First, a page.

While the conventional wisdom in the seniors housing industry is that capitalization rates are clearly headed downward, the results of a newly released study conducted by NREI and Senior Housing Investment Advisors show a much murkier outlook.
Nearly one in three respondents (32%) to the e-mail survey expects cap rates to increase over the next six months compared with 33% who expect them to decrease [Figure 1]. About one in three respondents believe that cap rates will stay the same. (The cap rate is the initial return to an investor based on the annual net operating income of the property and the purchase price.)
“Cap rates are all over the map and depend on whether the property is stabilized, where it is geographically, whether it’s assisted living or independent living, or a combination,” says Eric Davidson, co-chief executive officer of Vintage Senior Living in Newport Beach, Calif. How wide ranging are cap rates today? Try anywhere from 6% to 10% in California, adds Davidson.
Vintage Senior Living operates 23 seniors housing communities in California and one in the state of Washington. About 60% of the beds in its portfolio are dedicated to assisted living, 30% to independent living and 10% to memory care. Vintage Senior Living has an ownership interest in about 3,100 of the 3,400 units it operates.
Cap rates for institutional-quality, Class-A product in California, which were in the 7.5% to 8% range a year ago, have dipped to the 6% to 7% range today, says Davidson. That’s because a lot of capital is chasing best-in-class properties.
“For anything else — anything not stabilized or in a bad location or whatever— cap rates are quite a bit higher and seem to be staying stable,” explains Davidson. Properties that fall into that bucket trade at a cap rate of approximately 10% in California, he adds.
Noah Levy, managing director of Prudential Real Estate Investors based in Parsippany, N.J., says that the combination of abnormally low interest rates and an abundance of capital targeting the sector has driven down cap rates.
“What’s really happening is a flow of funds — including a lot of private and public equity — has in essence compressed cap rates back again after an obvious widening,” explains Levy. “So some of this may be a capital flow phenomenon more than a real estate fundamentals phenomenon.”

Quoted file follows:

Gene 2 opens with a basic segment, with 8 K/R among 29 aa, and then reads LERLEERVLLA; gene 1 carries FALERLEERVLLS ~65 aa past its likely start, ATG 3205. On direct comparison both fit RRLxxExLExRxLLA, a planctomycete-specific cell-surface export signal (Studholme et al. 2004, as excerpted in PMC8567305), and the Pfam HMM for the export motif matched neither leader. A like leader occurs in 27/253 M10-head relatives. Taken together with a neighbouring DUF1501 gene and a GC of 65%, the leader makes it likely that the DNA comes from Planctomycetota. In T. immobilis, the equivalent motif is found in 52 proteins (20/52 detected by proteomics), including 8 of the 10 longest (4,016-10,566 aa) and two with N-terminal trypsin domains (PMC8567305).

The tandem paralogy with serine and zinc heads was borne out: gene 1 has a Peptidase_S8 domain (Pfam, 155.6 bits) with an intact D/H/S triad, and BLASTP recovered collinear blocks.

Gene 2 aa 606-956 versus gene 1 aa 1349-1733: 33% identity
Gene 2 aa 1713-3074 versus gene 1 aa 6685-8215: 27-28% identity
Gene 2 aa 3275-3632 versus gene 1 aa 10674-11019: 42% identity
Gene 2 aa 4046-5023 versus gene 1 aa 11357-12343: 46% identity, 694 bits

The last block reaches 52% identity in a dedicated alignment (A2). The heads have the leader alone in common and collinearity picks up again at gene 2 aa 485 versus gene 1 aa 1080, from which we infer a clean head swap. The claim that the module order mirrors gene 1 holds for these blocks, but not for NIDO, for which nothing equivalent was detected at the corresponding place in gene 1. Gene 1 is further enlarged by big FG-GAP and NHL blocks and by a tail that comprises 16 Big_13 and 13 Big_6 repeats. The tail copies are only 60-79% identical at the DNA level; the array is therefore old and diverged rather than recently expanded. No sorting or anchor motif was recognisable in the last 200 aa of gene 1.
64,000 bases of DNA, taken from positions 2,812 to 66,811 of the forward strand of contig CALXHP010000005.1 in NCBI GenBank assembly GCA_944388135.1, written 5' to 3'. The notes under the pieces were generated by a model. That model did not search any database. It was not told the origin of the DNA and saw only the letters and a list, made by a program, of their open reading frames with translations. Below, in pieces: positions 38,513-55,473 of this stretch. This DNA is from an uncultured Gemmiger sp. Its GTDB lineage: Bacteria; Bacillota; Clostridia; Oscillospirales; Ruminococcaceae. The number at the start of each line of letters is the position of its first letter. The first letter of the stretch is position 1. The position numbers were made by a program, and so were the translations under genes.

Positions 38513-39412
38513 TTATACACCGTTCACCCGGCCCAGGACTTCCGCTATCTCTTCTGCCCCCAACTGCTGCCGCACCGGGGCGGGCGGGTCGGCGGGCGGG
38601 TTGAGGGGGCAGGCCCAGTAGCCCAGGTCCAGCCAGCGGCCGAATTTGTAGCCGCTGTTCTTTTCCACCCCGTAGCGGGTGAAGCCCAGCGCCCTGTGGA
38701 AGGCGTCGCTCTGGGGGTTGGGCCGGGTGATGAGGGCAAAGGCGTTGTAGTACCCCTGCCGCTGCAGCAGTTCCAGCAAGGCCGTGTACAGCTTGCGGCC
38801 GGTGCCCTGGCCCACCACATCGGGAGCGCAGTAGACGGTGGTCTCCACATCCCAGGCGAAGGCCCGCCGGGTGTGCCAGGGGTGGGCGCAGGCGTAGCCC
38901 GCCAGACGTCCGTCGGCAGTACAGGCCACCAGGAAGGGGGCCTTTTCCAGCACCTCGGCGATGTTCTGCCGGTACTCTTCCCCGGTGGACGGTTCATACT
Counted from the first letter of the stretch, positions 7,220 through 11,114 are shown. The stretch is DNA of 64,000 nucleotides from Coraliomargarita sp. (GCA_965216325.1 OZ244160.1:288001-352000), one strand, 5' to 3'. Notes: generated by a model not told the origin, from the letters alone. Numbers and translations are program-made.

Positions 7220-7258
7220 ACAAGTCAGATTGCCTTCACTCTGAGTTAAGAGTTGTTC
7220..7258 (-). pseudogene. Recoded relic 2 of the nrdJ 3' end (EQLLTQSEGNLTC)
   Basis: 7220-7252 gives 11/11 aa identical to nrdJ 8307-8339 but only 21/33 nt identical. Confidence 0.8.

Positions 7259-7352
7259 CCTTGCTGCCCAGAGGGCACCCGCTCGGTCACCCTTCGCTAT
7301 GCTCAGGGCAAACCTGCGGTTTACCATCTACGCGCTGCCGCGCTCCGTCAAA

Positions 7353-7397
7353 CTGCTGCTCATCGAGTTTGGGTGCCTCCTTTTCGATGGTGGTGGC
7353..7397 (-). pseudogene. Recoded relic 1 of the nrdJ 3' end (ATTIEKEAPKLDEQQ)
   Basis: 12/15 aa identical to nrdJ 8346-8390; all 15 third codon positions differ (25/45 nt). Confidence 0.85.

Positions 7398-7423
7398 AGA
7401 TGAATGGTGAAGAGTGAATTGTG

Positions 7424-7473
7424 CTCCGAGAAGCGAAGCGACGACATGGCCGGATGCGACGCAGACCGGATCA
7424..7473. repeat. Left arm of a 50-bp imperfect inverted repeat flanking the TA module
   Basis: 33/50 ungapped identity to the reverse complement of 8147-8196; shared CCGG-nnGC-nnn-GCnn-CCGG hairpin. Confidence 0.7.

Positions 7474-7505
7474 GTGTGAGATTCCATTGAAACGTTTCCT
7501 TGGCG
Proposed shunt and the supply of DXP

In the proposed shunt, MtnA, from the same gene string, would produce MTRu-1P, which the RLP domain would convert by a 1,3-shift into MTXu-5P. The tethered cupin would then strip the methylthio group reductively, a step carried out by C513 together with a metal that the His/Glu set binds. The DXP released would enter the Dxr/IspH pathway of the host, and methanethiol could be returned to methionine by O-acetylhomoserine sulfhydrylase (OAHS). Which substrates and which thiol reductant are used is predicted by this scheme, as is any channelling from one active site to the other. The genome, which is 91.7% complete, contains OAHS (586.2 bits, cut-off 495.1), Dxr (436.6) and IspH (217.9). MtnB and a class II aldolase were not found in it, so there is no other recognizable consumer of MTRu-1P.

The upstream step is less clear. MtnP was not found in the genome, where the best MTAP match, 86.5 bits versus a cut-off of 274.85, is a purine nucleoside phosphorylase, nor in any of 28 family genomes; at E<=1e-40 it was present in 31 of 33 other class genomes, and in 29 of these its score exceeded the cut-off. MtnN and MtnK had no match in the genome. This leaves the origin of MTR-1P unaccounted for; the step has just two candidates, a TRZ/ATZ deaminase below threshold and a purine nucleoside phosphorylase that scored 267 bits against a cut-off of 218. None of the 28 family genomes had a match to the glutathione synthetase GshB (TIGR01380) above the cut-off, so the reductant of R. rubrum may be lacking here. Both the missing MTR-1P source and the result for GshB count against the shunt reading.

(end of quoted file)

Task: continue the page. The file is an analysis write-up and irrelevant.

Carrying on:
But if the Federal Reserve at some point starts raising interest rates either because of inflationary pressures or an improving economy, then “there is a strong philosophical contingent that believes cap rates have to go up,” adds Levy.
The NREI e-mail study conducted from April 26 to June 8 yielded 241 total responses. Some 172 respondents are directly involved in the seniors housing industry. Respondents included primarily brokers or developers, owners and operators.
REITs on a roll
Health care real estate investment trusts (REITs) accounted for more than 90% of the sector's buyer composition early this year, according to industry experts, helping to bid up the prices of Class-A facilities.
In the NREI study, slightly more than six in 10 respondents (62%) indicate that the increase in mergers and acquisitions activity by health care REITs over the past six months is due to the substantial amount of capital the REITs have available to deploy. Another 44% cite favorable industry fundamentals, and 23% point to the REITs’ need to grow funds from operations [See Figure 2].
During the fourth quarter of 2010 and the first quarter of 2011, health care REITs gobbled up nearly $27 billion of seniors housing. Jay Flaherty, CEO at HCP, a big health care REIT based in Long Beach, Calif., told NREI in June that he expects to see $4 billion of additional transactions by health care REITs before the end of 2011.
The REITs have certainly helped raise the profile of the seniors housing industry by engaging in a number of mega, but they aren’t the only aggressive buyers. Mel Gamzon, president of Fort Lauderdale, Fla.-based Senior Housing Investment Advisors, says transaction activity by dollar volume in his shop has risen by more than 50% in the last 12 months.
Much of that growth has come from private buyers of single assets and portfolios in the $20 million to $200 million range, below the radar screen of the major health care REITs. He expects the velocity of investment sales to further increase as the U.S. economy improves.
“The goodgenerally is that the need-based, private pay nature of this sector will become increasingly compelling in future years as health care reform takes hold,” says Gamzon.
Despite improvement in the debt financing market as evidenced by the uptick in commercial mortgage-backed securities issuance this year, survey respondents are keenly aware of how difficult it is for many borrowers to get their properties refinanced.
Slightly more than four in 10 respondents (41%) indicate the lender requirement that is most challenging for a borrower to fulfill when seeking to refinance a loan is the higher equity contribution [Figure 3].
One-quarter of respondents cite higher debt-service coverage ratios as the most challenging requirement to meet, followed by 22% who point to recourse loans and personal guarantees as the biggest hurdle borrowers need to clear in order to refinance.
— A more detailed analysis of the seniors housing research findings will appear in the August/September issue of NREI.